I salute Ms. Antoinette Tuff. She did something few would have done. She faced an armed intruder at the school where she worked, and got him to surrender. No one was shot; nobody got hurt.
She was not the principal, the guidance counselor, a teacher or even a police officer–she was the bookkeeper. Antoinette did not physically overtake or restrain him, but spoke to him. She looked at him, and connected with her eyes. She connected by displaying a peaceful demeanor, and with the words she so masterfully chose to use. She never threatened or bullied him. And, she didn’t panic–she stood in the face of adversity.
I wish to add further that the person she was dealing with has no reputation for making rational and intelligent decisions overall, and has displayed threatening behavior on several other occasions. I’m sure you realize how this could make what Ms. Tuff was dealing with far more difficult than the situations most people ever have to face.
Ms. Tuff did something so many in so called “leadership” positions often have trouble doing; she spoke with him, and not just at him. Ms. Tuff showed a wonderful ability that we all should envy, and that was to find a way to be persuasive by helping an adversary find a more intelligent choice than the one they’d started out to make. And, she helped him to feel validated by making the better choice.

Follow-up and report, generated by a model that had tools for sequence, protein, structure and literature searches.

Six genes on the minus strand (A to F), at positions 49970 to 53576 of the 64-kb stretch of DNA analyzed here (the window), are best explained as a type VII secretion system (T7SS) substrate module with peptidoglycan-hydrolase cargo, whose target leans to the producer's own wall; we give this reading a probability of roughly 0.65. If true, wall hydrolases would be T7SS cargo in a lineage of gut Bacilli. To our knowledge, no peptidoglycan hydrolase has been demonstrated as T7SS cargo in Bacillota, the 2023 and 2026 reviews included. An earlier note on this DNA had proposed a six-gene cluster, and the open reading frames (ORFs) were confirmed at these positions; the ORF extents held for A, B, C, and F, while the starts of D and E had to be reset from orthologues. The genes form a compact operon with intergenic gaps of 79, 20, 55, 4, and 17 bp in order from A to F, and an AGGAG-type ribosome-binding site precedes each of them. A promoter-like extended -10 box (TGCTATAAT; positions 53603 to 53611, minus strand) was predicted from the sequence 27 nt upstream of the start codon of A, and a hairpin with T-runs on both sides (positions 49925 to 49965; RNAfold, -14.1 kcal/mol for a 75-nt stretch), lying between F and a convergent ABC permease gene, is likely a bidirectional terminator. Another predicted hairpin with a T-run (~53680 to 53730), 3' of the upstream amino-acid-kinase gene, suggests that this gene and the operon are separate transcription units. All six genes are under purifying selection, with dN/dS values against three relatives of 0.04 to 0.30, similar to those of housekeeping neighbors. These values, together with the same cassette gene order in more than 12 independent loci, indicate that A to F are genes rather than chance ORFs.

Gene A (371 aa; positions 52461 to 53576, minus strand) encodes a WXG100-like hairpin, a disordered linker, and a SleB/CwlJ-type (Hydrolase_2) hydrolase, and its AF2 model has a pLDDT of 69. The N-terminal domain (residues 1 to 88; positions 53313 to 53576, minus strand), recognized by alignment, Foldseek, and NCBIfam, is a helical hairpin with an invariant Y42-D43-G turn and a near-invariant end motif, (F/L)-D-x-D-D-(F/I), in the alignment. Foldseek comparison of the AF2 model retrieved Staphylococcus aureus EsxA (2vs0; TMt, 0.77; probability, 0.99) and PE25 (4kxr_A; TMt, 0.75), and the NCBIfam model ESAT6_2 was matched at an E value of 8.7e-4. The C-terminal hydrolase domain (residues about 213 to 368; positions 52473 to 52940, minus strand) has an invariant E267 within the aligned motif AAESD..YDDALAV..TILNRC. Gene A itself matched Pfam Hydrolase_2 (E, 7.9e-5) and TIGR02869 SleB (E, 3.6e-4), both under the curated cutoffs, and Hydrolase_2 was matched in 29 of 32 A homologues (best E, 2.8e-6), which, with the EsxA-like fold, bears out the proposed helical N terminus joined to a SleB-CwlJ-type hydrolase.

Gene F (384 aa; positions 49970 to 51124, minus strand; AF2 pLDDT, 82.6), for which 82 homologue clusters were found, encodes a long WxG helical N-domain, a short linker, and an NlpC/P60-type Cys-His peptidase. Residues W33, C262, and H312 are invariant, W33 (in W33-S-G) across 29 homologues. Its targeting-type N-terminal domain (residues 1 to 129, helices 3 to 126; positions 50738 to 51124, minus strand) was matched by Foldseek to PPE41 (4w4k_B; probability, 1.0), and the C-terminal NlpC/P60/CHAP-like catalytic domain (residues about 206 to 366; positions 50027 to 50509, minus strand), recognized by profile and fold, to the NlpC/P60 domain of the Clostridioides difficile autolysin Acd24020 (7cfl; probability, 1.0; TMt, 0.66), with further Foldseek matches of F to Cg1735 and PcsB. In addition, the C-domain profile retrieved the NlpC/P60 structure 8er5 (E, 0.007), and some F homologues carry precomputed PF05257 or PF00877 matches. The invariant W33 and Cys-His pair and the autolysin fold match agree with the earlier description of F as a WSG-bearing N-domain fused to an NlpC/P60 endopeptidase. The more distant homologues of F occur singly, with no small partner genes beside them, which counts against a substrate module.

It was not harsh criticism or judgement he got from her, but conversation–dialogue. Ancient Greek philosophers knew several thousand years ago that dialogue was a much better way to resolve conflict and controversy than mere rhetoric. Sometimes I think we’ve forgotten that, or for some reason, quit learning it. Wouldn’t it be nice if the people we send to The United States Congress could learn how to do that? Well, Thank you, Ms. Tuff. Thank you very much.
The incident mentioned here refers to an actual incident occurring at a school in DeKalb County, Georgia on Tuesday, August 20, 2013. I understand several other school staff members, teachers, and police officers acted in exemplary professional manner, and I salute them as well.